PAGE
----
Although the government of the church rests with the office-bearers, this does not mean at all that the congregation has no voice in the matter and that all it can do is accept and bear what it pleases the office-bearers to impose upon them. It is clear from Scripture that even the apostles did not appoint elders without the cooperation of the congregations. The election of the “Seven,” which is described in Acts 6, was done in this manner that the congregation “picked out from among” them seven brothers. Yes, even the appointment of Matthias as an apostle to take the place of Judas did not happen without the full cooperation of the assembled congregation.
Not only the election of Matthias took place after prayer had been offered up; prayer was also offered before the Seven received the laying on of hands. The appointment of elders in every church, of which Acts 14: 23 speaks, did not take place without “prayer and fasting.” This praying and fasting was deemed necessary, not because of the extra risk involved for those who were office-bearers but because of the great importance of the
office and because of the great responsibility which the office placed on men who were weak in themselves.
Choosing and appointing office-bearers is no light task, something which is done in a few minutes between jobs; it is a responsible action that is to be weighed and well-considered by all who take part in it.
We speak here also of “regulations adopted for that purpose by the consistory with the deacons.” This implies in the first place that such regulations should be in existence.
It would not be good if every time anew the brothers had to ask themselves, “How are we going to do it this time?” Nor would it be good if decisions about procedure had to be taken on the spur of the moment when the brothers are faced with the task of solving a specific case. We should never make up or change regulations with a view to a specific case. Being sinful and imperfect human beings, we are so soon inclined to let ourselves be influenced by persons or by our personal opinion about a brother, by our likes and dislikes. This might prevent us from making such rules or such changes in rules as would be most beneficial to the congregation. For this reason regulations should be drawn up without an election being imminent. If it appears that changes should be made, the proper time for such changes would be the time after an election has been concluded and long before the next one is due.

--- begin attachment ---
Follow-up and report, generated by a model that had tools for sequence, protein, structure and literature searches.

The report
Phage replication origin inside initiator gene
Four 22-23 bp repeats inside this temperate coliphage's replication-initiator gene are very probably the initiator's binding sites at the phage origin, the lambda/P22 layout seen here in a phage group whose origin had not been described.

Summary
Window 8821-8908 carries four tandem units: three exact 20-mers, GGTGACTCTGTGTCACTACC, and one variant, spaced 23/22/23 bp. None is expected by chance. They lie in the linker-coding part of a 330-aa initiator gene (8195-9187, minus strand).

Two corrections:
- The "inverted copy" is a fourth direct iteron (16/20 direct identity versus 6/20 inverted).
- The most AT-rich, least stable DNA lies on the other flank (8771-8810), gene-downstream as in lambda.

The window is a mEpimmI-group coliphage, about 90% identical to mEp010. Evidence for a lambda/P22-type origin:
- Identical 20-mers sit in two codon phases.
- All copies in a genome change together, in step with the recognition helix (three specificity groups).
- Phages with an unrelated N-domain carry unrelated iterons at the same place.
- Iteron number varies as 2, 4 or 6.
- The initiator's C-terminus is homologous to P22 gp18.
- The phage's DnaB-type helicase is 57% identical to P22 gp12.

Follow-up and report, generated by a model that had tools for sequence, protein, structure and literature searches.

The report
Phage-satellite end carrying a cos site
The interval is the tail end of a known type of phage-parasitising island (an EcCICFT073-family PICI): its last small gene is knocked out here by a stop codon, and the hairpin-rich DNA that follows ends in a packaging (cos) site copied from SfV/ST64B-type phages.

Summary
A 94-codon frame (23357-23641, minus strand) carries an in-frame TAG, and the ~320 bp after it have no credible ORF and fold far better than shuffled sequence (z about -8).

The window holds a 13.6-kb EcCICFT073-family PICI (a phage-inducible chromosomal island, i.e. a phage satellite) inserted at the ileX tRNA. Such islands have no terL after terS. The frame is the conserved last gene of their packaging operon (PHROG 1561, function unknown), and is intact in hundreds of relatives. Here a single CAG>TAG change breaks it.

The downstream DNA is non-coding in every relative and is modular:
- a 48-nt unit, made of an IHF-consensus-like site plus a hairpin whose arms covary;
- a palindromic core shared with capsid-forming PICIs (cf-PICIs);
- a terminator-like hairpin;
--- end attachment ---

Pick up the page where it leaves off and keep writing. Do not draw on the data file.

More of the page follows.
For the assistance of our consistories, a sample of such regulations is added as Appendix A. It is accompanied by an explanation of the various provisions.
The article provides that the regulations are to be adopted by “the consistory with the deacons.” For the use of this term we may refer to Article 38. When in this connection we speak only of “the consistory” this is done for the sole reason of avoiding the use of the longer designation every time.
Draw the Attention
The fuller and more extensive the involvement of the congregation in all sorts of matters concerning the church, the better it is for the whole community of the church.
The leadership, the government of the church, and the final decisions rest with the office-bearers as a body; but they are always to remember that they are nothing without the congregation. A tug-of-war, however, is of no benefit to anyone. It will, therefore, be wise if the consistory with the deacons gives the congregation the opportunity beforehand to draw the attention of the consistory to brothers deemed fit for the respective offices.
Mind you, this action on the part of the congregation must make sense. In the first place, it is definitely not a sort of advance poll that would more or less obligate the consistory to “put a brother on the nomination.” No one should say, “I know of at least ten brothers who mentioned so-and-so in their letter-of-recommendation to the consistory, and he is not even on the list!”